is going on today in america would not have been possible without them. the civil rights movement, which they played a leading role in pushing that forward, and ending the war in vietnam, and changing the wail we viewed citizen involvement in government, changing the way we think about our elected officials and the ability to create upstart movements. think all that was incredibly important. the beginning of the women's movement, all that great activism they produced, and that -- all of that, we're seeing that play out today. whether it's the election of barack barack obama or continued advancement of women in congress. there's a lot of work left undone, and i think that there's -- we now spend 3/4 of our entitlement money on people who are over the age of 30. used to be we spent 3/4 on people under the age of 30. it's not a question of generational warfare, but i think we need to have a conversation about how we're dividing our priorities. this is not a generation that expects to get those entitlements. my general has any belief the government is going to give them that money -- >> host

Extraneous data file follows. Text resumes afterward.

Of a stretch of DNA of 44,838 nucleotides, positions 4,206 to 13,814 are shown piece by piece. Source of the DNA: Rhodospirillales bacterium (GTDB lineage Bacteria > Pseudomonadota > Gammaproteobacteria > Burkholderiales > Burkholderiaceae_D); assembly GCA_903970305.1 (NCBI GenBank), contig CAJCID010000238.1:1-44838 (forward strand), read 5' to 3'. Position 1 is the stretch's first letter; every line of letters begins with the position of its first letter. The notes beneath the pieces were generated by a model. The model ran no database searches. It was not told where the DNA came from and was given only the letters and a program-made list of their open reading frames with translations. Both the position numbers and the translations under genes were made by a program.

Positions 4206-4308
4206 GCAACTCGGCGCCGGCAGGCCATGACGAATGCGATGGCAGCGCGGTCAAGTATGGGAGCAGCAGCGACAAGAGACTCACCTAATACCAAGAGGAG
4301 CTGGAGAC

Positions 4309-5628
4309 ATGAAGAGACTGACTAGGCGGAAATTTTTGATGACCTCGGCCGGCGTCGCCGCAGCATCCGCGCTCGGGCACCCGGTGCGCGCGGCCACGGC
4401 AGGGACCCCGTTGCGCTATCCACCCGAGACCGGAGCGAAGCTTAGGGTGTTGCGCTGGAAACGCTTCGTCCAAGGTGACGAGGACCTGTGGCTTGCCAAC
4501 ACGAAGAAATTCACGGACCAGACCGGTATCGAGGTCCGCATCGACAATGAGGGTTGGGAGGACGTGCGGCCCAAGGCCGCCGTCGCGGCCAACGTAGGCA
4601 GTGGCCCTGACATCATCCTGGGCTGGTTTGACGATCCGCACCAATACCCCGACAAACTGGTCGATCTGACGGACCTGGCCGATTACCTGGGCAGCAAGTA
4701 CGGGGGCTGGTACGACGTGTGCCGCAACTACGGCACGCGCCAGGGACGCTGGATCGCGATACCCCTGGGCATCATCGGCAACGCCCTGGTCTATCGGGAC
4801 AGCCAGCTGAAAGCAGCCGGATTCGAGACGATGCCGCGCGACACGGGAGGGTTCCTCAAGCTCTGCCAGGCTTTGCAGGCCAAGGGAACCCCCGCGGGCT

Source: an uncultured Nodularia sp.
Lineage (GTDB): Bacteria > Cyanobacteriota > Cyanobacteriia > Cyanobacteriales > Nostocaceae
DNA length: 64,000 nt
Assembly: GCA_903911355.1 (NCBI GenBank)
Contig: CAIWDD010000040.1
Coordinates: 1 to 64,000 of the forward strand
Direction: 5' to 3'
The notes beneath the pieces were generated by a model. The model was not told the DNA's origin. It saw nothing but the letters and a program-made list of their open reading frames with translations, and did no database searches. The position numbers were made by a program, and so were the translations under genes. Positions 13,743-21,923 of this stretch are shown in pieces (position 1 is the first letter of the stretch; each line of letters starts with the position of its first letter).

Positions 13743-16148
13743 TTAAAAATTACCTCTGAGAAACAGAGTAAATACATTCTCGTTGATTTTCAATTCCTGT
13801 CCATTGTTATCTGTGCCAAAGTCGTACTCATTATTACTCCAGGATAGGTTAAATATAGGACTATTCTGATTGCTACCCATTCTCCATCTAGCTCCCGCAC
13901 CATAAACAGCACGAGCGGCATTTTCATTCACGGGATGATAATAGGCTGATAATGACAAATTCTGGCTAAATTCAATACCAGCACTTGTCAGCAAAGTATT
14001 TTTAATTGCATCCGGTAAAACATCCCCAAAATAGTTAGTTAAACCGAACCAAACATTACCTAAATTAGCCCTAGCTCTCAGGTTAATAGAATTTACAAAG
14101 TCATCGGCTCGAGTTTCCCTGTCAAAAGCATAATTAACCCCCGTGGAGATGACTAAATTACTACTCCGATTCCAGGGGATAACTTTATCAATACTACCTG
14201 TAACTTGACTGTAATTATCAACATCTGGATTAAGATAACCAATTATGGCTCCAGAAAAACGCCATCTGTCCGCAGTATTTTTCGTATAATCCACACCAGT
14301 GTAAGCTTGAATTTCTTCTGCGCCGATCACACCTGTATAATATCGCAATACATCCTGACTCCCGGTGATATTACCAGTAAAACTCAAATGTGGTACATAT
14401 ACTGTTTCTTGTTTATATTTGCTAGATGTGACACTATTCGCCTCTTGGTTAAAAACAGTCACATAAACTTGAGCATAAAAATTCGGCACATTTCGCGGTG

unconstitutiona. now, the supreme court has been asked to weigh n which is why these civil rights leaders gage yord to say smi ni decision will affect what happens here in california. >> we're seeing if it's unconstitutional to violate rights in michigan then why is it being done in california? >> in the first year after prop 209 passed, uc bolt lawsuit reported of the 271 students admitted only one was african american. tanya capner is an example of how things changed. >> so you face a situation where i was the only black student in the class after the ban for education program that. is just unacceptable. >> ward connereely is considered to be the man behind prop 209 and michigan's antiaffirmative action law. >> there is nothing more fundamental in my view than right to equal treatment bit government of every citizen in this country. >> bertrall ross teaches law at uc berkeley. >> two laws are similar to each other. i would say whatever the court says about prop 2 would have the same impact on prop 209. >> the supreme court will reaffirm the antiaffirmative action law in the fall. one footnot